The Information Architecture Institute
A conference on designing
complex information spaces of all kinds.
New York City, October 4 and 5, 2007

Archive for research

new Michael Wesch videos from IDEA 2007

Michael Wesch, the opening keynote at IDEA last week, introduced two new videos he produced. He’s now made them publicly available.

A Vision of Students Today

Information R/evolution


Visualization: Fernanda Viegas from IBM

Post HistoryFernanda Viegas began by putting visualization in context: something I was thrilled to hear. She explained that visualization is often seen as an expert to expert interaction: lab coated data-junkies making complex data visualizations for other similarly addicted minds. Her goal, or at least the goals of some of her projects, is to humanize visualization and use it as a tool to help people understand the data in their lives. Rock on.

First up was PostHistory, a tool for e-mail users to see their e-mail usage in a new way. She discovered that, despite her efforts to protect privacy, people were thrilled to share what they saw and learned with each other (seeding her above stated goals for visualization).

Next up was a walkthrough of Martin Wattenberg’s NameVoyager, of Internet fame (I’d seen this a dozen times, but so impressed by its consumer styled appeal that I didn’t associate it with “data visualization”) exploring some of the questions raised by the emerging community around the data (takeaway: you’re doing something right when you get normal people to voluntarily spend their free time playing with data).

She ended the talk showing some of the new work she’s doing at IBM, soon to be up and running at The Visual Communication lab website. Of particular note were new ways to help communities form around data, including ways to thumbnail, reference and bookmark particular views, making it easier to share the particular customized visualizations people find when exploring on their own.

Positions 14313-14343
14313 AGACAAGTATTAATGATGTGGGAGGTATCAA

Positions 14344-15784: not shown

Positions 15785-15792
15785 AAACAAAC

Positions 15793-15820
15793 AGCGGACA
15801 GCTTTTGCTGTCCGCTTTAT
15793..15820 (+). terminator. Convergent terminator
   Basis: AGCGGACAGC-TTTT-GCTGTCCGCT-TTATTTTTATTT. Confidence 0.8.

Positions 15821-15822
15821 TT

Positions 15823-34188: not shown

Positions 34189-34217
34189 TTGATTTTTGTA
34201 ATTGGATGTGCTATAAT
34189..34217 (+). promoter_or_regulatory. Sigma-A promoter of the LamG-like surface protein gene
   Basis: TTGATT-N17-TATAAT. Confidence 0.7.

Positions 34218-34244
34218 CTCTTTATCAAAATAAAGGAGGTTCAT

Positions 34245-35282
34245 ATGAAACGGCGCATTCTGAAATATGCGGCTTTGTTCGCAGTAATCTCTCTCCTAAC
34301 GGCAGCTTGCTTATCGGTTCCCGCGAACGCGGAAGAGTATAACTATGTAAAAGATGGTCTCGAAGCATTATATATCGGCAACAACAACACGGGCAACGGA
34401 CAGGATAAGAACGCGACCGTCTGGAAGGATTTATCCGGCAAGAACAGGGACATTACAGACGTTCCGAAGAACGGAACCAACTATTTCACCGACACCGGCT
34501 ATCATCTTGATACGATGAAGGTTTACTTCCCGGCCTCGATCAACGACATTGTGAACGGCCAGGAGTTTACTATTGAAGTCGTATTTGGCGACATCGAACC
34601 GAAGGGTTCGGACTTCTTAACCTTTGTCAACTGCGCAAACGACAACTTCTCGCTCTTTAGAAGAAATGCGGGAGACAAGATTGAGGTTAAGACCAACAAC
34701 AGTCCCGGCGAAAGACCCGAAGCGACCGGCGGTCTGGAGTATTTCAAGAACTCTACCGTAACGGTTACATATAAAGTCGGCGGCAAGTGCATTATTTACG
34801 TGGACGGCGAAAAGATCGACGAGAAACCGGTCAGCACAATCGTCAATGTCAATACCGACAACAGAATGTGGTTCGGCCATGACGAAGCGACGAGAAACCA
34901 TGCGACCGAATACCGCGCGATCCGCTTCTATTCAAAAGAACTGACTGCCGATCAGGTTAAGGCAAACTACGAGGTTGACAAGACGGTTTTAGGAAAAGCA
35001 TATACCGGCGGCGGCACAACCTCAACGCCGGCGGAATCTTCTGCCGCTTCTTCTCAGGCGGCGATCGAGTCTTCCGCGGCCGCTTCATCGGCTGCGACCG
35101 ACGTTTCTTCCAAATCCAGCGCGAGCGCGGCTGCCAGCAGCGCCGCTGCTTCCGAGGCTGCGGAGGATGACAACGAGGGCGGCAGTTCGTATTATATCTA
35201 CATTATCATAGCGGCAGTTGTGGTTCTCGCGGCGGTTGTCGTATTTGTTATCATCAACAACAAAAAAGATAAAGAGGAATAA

-Scott Berkun


OMFG - We got Linda Stone!

This morning I had a delightful phone conversation with Linda Stone. (You can also learn more about her from an older bio.) Linda has an extensive history in multimedia design and development, going back to Apple Computer in the 80s, and including Microsoft in the 90s.

Linda has once again achieved prominence with her latest meme, continuous partial attention. It’s a condition of the contemporary information worker — constantly scanning the periphery for newer, potentially more valuable information; subject to distraction; difficulty with focusing on any one thing for any length of time.

Thanks to the miracle of podcasting, you can listen to her presentation on CPA at the Emerging Technology Conference.

I wanted Linda to address our event, because I think the situation she’s identified presents a challenge for designers of complex information spaces — how do we develop systems, environments, and tools that fit within this context of partial attention? I think it does much to set up the discussions that will happen at IDEA, so she has been given the first slot.

In our discussion this morning, she mentioned that her understanding continues to evolve, and this won’t simply be a rehash of her ETech or Supernova talks.

I am very excited!


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